Tuesday, March 29, 2011

Caravaggio Study

I have been studying and reading quite a bit about Michelangelo Merisi da Caravaggio, or as he is more simply known: Caravaggio.
I wanted to learn about his painting techniques in particular.  I have heard many rumors about this; he never made a preparatory drawing; he worked directly on the canvas; he used mirrors or camera obscura. whatever.  no one will know.  He has been dead for 411 years.  my job is too try and learn how he did it in paint.

I was able to deduce his palette: mostly earth tones (they were the most available) like yellow ochre, raw and burnt sienna, ivory black and lead white (but I use titanium). He also used intense reds too.

Supposedly he toned his canvas with a mid-deep pigment.  I chose burnt sienna.  one coat.  This was painted on linen too (my first time using it- I didn't stretch it as tight as I could have...)  a very smooth surface.*

The secret: tie for first: excellent drawing skills and superb composition. Then: hit your whites first and build your glazes off this.  let the canvas color (burnt sienna in my case) fill in your midtones for you and then layer in the shadows slowly and let the canvas color come through.  When you have areas settled (you are sure of the placements) hit the darks and lights again and define your volumes.

After I was working this up for a bit, I was thinking about the narrative I was creating, and it seemed like the 'wise men' in my canvas were oblivious to the dominant Jesus above them.  He also looks a bit distraught in my version.  I started to think what it would be like if he were incarcerated in a modern prison, and given a tattoo.  I decided on a solid black cross. only fitting. It made him look more human and less like a super man.  also more a bit more bad ass and a little like a thug. I REALLY like this idea of adding tattoos and will explore it further. I am thinking about giving him a few more- need to do some research on symbols...

I will go back into this and glaze it more.  I want to give it a more "jeweled" tone that can only be achieved through glazing.

Sunday, March 13, 2011


Thanks to everyone who read the step x step posts.  I got some great feedback.  I'll try to do it again some time soon.  "Autumn" is finished and you can see it here.

I thought it would be fun to show an evolution.  This one is 4 years in the making.  The above image was "finished" today - it measures 12x24"  but it is a re-paint of a much older painting.

If you click on the image you can get a better view of it.  But the real reason you should look at it is because of the texture on it.

Texture?  The texture on there is made up of about 5 layers of thick latex paint from 2007 when I was "spinning" canvases.  I built a steel rig out of the "free wheel" gear off a 10 speed bike and would bolt a 4' canvas to it and spin it like mad while dripping paint on it from above.  It was fun.  they would look like this:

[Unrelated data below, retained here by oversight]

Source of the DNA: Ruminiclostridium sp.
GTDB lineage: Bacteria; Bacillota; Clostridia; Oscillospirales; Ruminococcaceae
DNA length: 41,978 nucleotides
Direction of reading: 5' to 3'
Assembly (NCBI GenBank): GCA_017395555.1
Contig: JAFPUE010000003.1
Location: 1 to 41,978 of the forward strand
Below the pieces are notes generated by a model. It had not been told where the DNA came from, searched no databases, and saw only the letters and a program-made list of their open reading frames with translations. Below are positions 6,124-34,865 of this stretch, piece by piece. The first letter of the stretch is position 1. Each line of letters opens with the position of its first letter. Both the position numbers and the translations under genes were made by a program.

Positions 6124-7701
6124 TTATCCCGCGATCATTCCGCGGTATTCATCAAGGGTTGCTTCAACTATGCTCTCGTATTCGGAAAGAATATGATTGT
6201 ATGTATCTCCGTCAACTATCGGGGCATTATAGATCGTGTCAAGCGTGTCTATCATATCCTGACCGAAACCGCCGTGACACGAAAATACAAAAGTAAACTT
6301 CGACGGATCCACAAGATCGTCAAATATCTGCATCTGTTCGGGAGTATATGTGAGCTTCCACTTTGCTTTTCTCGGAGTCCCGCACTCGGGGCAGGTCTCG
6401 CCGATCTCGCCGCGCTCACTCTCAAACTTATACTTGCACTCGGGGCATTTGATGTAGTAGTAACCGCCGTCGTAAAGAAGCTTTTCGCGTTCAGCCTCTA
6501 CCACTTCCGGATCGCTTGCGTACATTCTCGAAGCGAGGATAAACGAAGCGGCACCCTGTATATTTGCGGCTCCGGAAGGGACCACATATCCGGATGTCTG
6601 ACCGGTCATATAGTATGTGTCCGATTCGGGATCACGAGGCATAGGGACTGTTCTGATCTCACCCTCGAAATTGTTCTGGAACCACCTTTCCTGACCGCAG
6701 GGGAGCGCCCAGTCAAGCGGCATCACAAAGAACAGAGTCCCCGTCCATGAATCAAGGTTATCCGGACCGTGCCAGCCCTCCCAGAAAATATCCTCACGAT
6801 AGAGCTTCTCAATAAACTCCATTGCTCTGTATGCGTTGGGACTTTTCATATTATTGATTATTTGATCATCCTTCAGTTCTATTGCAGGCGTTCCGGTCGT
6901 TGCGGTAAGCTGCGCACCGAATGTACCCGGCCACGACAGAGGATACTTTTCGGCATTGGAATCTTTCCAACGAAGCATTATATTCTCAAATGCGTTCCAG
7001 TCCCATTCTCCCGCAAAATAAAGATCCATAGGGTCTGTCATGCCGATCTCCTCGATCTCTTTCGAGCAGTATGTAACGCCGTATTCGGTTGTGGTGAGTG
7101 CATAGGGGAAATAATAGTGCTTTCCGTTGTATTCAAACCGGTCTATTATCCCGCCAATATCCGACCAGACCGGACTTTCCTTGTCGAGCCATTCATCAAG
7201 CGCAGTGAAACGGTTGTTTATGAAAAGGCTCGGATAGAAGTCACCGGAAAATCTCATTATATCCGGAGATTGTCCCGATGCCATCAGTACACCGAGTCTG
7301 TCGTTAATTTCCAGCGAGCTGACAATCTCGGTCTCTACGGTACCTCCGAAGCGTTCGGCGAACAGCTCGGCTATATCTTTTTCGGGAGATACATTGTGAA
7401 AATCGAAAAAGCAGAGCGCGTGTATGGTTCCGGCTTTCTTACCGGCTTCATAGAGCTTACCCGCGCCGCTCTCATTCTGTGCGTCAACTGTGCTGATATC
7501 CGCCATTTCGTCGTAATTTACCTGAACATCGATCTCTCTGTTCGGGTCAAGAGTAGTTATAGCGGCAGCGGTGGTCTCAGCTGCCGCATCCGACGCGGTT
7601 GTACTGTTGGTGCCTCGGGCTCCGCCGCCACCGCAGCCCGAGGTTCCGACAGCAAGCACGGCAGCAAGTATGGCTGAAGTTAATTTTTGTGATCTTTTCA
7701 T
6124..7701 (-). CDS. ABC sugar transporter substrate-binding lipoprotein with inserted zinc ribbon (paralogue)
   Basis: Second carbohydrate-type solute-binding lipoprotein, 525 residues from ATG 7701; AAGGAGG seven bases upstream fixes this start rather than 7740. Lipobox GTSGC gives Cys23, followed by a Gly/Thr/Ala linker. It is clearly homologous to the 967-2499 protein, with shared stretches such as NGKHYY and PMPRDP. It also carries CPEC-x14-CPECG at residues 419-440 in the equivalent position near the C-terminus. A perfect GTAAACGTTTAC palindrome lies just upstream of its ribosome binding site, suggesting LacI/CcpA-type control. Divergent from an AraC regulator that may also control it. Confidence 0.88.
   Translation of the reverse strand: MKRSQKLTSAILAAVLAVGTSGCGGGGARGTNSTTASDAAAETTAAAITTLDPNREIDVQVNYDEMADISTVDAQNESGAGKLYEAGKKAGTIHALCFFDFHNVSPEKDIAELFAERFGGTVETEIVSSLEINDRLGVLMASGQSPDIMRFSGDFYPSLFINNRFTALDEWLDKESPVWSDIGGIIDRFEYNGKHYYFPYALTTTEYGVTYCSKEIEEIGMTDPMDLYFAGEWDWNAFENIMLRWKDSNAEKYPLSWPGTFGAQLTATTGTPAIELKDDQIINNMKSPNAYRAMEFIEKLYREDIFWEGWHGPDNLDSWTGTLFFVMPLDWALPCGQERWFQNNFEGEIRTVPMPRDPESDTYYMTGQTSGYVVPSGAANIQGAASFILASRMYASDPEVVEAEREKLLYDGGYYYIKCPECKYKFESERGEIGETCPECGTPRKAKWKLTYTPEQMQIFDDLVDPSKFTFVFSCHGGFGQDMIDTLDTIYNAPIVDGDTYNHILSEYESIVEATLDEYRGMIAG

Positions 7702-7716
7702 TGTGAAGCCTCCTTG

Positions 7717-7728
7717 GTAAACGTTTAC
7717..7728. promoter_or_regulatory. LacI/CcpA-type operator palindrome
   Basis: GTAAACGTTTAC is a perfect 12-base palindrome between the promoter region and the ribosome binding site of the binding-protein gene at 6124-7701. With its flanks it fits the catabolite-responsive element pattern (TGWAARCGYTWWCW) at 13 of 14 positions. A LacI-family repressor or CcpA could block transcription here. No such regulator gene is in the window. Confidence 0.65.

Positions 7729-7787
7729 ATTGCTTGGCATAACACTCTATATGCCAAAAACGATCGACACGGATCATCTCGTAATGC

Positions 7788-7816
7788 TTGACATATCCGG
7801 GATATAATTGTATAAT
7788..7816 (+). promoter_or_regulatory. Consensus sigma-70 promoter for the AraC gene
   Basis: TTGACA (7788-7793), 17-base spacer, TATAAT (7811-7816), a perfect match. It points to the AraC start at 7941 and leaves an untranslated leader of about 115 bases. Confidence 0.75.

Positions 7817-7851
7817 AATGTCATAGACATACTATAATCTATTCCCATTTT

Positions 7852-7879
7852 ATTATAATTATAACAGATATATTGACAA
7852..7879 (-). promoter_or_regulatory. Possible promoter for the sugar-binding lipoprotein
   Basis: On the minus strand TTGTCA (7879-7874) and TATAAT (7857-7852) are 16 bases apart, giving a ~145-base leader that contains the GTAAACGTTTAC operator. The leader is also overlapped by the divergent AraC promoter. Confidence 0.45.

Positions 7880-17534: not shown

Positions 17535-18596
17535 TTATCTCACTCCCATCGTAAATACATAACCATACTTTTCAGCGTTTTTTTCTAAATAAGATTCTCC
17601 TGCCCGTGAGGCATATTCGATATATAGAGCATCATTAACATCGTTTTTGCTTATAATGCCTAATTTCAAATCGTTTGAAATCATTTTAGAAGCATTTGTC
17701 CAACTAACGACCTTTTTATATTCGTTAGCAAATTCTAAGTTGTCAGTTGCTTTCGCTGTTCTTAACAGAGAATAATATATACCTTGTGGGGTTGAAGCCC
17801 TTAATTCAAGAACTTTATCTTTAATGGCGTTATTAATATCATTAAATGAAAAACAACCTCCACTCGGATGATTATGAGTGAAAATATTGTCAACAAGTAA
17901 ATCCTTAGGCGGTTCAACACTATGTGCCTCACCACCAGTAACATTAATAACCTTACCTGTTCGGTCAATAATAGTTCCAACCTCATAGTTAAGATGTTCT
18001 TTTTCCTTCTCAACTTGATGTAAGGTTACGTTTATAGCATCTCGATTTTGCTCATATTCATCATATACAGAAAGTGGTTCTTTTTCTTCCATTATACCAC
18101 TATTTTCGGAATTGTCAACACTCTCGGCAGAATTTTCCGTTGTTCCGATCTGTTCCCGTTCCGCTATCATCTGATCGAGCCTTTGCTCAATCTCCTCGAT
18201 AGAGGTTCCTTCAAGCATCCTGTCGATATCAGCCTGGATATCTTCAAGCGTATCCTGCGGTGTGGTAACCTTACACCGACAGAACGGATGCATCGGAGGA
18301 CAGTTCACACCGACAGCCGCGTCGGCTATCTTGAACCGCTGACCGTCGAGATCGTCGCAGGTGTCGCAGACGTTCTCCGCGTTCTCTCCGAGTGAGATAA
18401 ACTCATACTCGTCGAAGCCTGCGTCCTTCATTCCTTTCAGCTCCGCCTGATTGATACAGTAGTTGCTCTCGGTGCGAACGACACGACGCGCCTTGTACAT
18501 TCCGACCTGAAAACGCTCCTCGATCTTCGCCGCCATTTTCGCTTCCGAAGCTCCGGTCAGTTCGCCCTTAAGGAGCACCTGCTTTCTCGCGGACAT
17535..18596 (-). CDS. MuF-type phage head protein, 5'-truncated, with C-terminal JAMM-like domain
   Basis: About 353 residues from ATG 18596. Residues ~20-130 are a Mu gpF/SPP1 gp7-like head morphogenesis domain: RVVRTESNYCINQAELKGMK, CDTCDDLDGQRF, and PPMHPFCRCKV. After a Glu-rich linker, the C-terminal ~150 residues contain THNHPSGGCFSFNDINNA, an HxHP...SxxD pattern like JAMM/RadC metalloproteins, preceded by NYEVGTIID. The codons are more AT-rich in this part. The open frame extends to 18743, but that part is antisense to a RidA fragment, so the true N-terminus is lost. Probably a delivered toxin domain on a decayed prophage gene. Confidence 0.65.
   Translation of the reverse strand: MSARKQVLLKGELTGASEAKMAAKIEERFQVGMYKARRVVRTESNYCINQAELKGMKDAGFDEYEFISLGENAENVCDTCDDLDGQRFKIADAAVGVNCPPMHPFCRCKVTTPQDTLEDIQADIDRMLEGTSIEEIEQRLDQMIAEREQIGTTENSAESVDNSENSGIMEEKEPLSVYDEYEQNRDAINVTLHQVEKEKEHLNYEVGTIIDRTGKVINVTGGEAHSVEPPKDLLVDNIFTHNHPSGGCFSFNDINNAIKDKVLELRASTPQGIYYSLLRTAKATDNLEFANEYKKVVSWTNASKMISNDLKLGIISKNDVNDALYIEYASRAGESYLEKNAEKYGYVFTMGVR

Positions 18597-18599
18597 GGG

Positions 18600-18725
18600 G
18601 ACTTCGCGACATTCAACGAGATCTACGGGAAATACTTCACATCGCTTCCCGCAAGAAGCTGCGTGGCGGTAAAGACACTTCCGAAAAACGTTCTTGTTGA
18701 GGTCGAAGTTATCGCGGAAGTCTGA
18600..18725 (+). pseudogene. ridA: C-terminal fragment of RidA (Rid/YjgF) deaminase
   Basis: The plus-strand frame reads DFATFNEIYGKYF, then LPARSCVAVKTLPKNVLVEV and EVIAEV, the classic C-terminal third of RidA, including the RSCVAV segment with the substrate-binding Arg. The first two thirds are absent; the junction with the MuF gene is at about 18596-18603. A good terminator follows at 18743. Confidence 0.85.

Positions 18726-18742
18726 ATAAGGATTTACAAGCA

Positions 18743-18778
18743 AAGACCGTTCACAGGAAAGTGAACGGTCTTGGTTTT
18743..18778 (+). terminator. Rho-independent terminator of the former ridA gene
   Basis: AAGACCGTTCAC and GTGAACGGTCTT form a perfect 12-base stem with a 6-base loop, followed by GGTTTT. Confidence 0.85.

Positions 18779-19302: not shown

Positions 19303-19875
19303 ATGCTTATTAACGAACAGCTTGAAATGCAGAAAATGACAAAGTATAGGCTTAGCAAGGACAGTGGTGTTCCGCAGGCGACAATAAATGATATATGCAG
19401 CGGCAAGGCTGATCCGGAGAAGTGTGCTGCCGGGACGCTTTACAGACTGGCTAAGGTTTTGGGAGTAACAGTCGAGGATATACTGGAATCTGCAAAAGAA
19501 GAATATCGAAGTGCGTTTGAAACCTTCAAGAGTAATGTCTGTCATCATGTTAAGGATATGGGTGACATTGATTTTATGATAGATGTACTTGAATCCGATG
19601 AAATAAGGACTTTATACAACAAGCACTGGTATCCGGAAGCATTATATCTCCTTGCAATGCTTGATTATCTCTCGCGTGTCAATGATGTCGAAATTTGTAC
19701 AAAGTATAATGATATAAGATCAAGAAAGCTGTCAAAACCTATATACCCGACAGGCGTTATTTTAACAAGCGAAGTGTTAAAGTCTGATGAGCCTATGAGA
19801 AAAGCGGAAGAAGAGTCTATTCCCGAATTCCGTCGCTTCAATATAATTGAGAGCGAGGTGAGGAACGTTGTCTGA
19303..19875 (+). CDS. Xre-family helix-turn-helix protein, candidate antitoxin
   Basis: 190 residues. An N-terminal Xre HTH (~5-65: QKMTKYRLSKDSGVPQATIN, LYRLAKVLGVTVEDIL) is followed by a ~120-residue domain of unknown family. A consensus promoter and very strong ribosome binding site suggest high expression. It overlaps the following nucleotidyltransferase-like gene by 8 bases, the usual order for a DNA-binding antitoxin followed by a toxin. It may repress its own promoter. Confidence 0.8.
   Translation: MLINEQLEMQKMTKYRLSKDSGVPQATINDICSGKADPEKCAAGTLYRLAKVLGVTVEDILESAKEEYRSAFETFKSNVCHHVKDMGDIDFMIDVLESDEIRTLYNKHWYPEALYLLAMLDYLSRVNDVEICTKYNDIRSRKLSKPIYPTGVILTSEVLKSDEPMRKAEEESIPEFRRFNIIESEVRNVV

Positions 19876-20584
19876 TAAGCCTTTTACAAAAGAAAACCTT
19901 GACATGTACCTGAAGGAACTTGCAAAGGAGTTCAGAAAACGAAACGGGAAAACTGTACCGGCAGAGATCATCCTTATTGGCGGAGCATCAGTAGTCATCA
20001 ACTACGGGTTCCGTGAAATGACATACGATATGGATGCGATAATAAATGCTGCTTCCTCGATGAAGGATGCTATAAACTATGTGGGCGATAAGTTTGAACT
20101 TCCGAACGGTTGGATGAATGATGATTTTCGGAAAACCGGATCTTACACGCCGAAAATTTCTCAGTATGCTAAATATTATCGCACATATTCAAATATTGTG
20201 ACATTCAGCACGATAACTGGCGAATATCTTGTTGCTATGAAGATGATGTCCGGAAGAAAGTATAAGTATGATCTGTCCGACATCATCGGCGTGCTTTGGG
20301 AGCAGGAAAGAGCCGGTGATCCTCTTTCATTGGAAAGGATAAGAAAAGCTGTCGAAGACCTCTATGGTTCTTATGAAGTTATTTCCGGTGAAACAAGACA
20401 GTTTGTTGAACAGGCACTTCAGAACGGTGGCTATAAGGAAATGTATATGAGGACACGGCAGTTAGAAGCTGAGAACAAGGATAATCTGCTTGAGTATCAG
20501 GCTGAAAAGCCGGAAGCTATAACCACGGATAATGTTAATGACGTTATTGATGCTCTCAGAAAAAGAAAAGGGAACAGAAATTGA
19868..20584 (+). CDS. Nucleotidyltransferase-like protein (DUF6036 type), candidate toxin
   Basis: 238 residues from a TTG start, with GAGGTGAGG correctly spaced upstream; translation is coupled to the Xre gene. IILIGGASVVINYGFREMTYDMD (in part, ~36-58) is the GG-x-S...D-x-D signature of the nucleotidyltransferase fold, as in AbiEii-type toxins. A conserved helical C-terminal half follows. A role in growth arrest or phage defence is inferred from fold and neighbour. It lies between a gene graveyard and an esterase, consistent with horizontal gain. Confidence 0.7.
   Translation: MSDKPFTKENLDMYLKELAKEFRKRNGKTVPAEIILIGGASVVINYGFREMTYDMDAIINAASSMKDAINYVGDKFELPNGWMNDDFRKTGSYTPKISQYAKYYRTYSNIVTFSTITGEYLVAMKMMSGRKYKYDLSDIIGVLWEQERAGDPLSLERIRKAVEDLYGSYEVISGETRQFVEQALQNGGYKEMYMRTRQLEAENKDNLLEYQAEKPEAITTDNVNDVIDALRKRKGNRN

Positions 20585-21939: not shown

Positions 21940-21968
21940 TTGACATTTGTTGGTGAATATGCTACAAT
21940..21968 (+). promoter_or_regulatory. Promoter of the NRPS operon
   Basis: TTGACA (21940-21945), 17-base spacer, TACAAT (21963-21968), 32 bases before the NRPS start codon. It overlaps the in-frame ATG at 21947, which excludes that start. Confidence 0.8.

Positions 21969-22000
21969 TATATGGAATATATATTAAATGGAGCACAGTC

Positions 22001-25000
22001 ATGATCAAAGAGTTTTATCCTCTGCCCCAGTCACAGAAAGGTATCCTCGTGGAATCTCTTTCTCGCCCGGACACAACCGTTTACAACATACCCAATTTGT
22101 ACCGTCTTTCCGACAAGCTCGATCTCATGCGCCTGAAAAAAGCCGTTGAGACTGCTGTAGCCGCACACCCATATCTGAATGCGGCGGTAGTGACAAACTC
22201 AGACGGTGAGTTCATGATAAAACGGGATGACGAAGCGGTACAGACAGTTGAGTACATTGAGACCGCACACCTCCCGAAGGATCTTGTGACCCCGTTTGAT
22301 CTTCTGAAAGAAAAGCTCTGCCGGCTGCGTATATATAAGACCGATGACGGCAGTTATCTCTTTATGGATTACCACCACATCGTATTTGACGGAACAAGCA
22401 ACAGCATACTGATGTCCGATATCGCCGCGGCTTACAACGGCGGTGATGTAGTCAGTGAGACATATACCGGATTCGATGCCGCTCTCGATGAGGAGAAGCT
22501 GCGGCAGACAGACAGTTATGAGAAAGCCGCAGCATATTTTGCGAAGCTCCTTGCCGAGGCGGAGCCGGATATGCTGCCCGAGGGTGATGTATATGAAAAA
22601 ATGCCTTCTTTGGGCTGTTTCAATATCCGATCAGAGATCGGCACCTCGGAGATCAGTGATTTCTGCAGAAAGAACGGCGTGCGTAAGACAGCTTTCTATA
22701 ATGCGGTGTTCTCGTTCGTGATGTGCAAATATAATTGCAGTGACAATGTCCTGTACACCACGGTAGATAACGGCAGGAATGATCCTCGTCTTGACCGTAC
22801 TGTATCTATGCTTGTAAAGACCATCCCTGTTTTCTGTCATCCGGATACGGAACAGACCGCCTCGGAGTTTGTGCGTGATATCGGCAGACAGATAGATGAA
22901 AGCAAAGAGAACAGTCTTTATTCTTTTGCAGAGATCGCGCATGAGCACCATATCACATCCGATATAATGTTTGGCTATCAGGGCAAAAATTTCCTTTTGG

After doing this kind of thing for a few months I decided to become a more "serious" painter and start using oils- and stop spinning canvas.

When I moved into my new studio, fresh canvas was hard to find, and I had all of these spinners stretched and doing nothing. 

* So I scavenged them *

I kept 4 of the better ones, but took the others off the stretchers and used them for my first forays into oil painting.  I cut up the lame ones and stuck them over new stretcher bars, gessoed them up, and started painting.

I took an orbital sander to them to try to knock down the texture, but it was serious stuff...  and I didn't want to go through the canvas.  besides. it was practice.

Needless to say I found one of them the other day.  And I painted over it AGAIN!

Fortunately (or unfortunately) I had a picture of what it used to look like.  I put all 3 images next to each other so you can see what I mean. It is all on the same canvas...

The middle face was painted very early in 2008 just as I was getting into painting.  I was happy with this at the time. I remember I spent some time trying to get it to come out...

Long story short.  I was cleaning out the studio the other day, found it, popped it on the easel and re-did it.  I had to rummage around a bit to find the source photo I had used.
I gave it a little Caravaggio treatment and pushed the black.  I suppressed my colors and kept it basic to focus on form.

Ivory White, Raw Sienna, Burnt Sienna and Ivory Black
- what a difference a few years make...